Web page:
The Barutheela has a spacious dive center aft, below the main deck, with a high-volume electric air compressor, gear storage, and wetsuit hanging space. The diving, however, is done from dhonis, traditional covered wooden boats about 30' in length, which drop off and pick up divers. Unfortunately, there were a few kinks in the system. Diving in the MaldivesThe Barutheela's main compressor was down, so the crew filled tanks from a low-volume, lowspeed compressor on the support dhoni, which took three hours or more to refill all the tanks. There were no tank racks or rinse buckets for camera/video gear, and the short ladder was a problem for some divers. Dive gear was stored in bags on the deck rather than in boxes as on other boats. Oxygen is kept on the Barutheela, not on the dhoni.

Currents make Maldivian diving great, but they can be very strong and are almost always present, especially in the kandus (ocean passes leading into the reefs and atolls). Once you've come through the kandu, however, the current drops you onto the reef, where you can enjoy the macro, including crabs, anemones, pipefish, and cleaner shrimp. Other dives focus on the thilas and giris (reefs or pinnacles rising from depths of 75-100 feet to fifteen or fewer feet from the surface), beginning with a swim down the drop-off wall to the lip of the pass at 100 feet or so. Here a stay with the pelagics can be electrifying. Then, as your computer screams, go slowly up, take a ride down one of the inside channel walls or a mid-channel pinnacle, and drift along observing the wonderland of color and life. A variation on the theme could be a dive on one of the more than thirty-five known wrecks.

All dives are on designated dive sites, so dive quality is generally dependable. Even Banana Reef, a heavily-dived site in view of Male, the capital city, provided a good shot at a stone fish the size of a bowling ball as well as a profusion of eels and a never-ending stream of pennant butterflyfish. Suboptimal dives occurred when the timing was wrong and the current clouded the water, which is why proper dive planning by a divemaster and dhoni team who know how to read the water and the dive site are essential.

Unfortunately, dive planning and briefings on the Barutheela were often inadequate. Divemaster Moojay and his brother and dhoni helper, Suzan, were used to their usual two-dive-a-day routine.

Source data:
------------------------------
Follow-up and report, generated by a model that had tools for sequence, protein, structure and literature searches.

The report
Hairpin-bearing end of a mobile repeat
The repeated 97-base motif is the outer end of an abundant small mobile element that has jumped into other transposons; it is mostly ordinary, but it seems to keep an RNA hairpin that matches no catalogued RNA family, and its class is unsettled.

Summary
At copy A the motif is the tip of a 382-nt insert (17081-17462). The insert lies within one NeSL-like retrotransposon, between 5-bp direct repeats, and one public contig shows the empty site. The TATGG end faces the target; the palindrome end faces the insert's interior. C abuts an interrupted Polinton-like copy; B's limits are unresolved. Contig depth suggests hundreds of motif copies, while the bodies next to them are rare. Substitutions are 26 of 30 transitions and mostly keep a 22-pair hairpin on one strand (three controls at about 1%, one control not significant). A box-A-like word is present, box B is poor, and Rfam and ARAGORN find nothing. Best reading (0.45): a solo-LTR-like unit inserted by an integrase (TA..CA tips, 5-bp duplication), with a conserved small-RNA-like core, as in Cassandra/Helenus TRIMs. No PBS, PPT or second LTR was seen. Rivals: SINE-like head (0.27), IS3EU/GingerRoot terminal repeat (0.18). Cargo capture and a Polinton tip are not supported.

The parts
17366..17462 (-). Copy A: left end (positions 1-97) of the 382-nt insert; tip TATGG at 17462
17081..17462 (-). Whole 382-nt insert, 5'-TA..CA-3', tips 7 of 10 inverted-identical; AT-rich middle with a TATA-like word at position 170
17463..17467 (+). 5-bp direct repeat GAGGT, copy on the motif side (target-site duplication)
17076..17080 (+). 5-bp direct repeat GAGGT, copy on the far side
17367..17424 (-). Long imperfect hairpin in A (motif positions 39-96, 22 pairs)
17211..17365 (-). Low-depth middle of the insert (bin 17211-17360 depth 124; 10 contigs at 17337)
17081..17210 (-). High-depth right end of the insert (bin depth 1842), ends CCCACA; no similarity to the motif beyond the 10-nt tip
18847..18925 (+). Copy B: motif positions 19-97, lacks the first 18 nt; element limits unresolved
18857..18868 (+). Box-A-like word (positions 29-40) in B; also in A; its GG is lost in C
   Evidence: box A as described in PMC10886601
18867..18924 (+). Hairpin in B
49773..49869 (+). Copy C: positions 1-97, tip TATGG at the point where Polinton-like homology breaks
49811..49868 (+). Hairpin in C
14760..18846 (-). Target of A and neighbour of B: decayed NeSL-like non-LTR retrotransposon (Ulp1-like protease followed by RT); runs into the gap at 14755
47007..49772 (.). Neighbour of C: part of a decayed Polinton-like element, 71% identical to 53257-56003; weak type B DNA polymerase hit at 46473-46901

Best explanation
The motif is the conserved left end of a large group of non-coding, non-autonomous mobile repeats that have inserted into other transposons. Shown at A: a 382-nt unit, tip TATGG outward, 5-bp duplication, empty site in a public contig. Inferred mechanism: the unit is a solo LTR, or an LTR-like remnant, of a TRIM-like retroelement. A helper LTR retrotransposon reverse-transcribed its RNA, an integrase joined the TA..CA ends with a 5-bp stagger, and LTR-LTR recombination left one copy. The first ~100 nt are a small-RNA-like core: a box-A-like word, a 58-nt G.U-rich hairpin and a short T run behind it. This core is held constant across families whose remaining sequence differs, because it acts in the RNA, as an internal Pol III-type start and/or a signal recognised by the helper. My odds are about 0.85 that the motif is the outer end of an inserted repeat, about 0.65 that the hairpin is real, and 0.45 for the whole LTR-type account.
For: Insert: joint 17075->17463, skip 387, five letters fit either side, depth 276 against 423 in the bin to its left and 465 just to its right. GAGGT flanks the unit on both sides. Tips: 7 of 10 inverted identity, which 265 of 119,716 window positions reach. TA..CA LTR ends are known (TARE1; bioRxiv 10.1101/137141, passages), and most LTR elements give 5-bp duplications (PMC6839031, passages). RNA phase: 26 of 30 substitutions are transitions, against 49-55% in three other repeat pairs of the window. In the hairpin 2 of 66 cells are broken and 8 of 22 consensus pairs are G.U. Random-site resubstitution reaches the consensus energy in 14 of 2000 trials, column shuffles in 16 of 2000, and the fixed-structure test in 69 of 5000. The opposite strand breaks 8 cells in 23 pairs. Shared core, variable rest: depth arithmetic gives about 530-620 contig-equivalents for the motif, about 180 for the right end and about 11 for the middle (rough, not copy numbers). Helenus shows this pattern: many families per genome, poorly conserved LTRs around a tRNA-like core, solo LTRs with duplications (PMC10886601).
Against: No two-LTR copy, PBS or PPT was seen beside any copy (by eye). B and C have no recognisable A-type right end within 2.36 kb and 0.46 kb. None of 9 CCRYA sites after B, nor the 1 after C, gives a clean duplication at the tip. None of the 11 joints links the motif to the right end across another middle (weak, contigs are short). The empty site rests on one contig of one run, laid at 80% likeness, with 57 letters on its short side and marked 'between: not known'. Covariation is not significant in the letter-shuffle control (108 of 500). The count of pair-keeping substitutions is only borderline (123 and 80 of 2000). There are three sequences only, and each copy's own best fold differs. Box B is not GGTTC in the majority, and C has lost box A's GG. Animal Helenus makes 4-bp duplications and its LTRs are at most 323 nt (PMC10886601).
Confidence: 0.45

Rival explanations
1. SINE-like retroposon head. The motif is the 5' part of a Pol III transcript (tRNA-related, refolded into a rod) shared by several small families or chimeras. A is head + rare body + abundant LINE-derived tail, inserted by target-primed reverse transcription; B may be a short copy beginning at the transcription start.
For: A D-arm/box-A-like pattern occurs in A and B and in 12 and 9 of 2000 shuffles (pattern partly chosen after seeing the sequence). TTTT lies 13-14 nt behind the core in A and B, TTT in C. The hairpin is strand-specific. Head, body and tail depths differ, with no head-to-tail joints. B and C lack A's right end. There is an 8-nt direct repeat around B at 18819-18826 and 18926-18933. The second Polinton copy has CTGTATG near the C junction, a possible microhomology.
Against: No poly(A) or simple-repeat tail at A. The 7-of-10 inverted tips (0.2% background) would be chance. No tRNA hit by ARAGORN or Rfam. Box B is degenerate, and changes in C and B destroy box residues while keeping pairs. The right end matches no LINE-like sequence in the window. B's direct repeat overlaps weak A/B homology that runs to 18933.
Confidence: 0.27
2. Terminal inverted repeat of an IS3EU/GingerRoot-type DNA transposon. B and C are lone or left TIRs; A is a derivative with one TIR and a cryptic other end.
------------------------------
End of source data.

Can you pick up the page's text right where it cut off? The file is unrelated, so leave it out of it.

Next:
Diving in the Maldives

Barutheela is 90 feet of wooden ship with 200 square yards of
rust-red sails and an air of romance on the high seas.

Although friendly and accommodating, they weren't prepared for the fourdive- a-day schedule our group pushed for--and the compressor problems didn't help matters any.(We contacted the Barutheela, which acknowledged persistent difficulties getting the generator repaired. They have organized a new dhoni equipped with radio and oxygen.-Ed.)

Still, whenever I jumped into the water, my first thought was always "wow, look at all these damn fish!" To add to that, all the hard and soft corals are alive and beautiful--perhaps not up to some of Fiji's better spots, but certainly world-class. Because the Maldivians historically ate only skipjack tuna, the fish life is plentiful and pulchritudinous: it's estimated that there are 1,000 species of fish in the Maldives, compared to 300 species in the Galapagos and 200 in the Caribbean.

Diving from a replica of a galleon is a great concept, but concept's one thing and execution something else again. The friendly and accommodating Austrian owners, who have been aiming at the European market, were not set up for the demands of the Asian/American divers we had on my trip. Several video camera batteries failed, presumably due to 165-volt (rather than 220V) current coming off the main generator. It also took several days to get the air conditioning adjusted so that the cabins were comfortable.

The crew served meals under a large canvas awning on the main deck, a comfortable place given the almost-constant breeze. While I'm not choosy about when I eat, several guests became annoyed at our erratic meal times. Because of problems with moving to different sites, tank fillings, uncertainty about which sites to dive, and lack of communication among the staff, meals often ran a couple hours late. When we did eat, quality varied, probably because the eager-to-please kitchen staff changed their usual menu suited Asian diver's palates. I suspect the meals would have been better if the chef had stuck to his usual Sri Lankan and Indian specialties.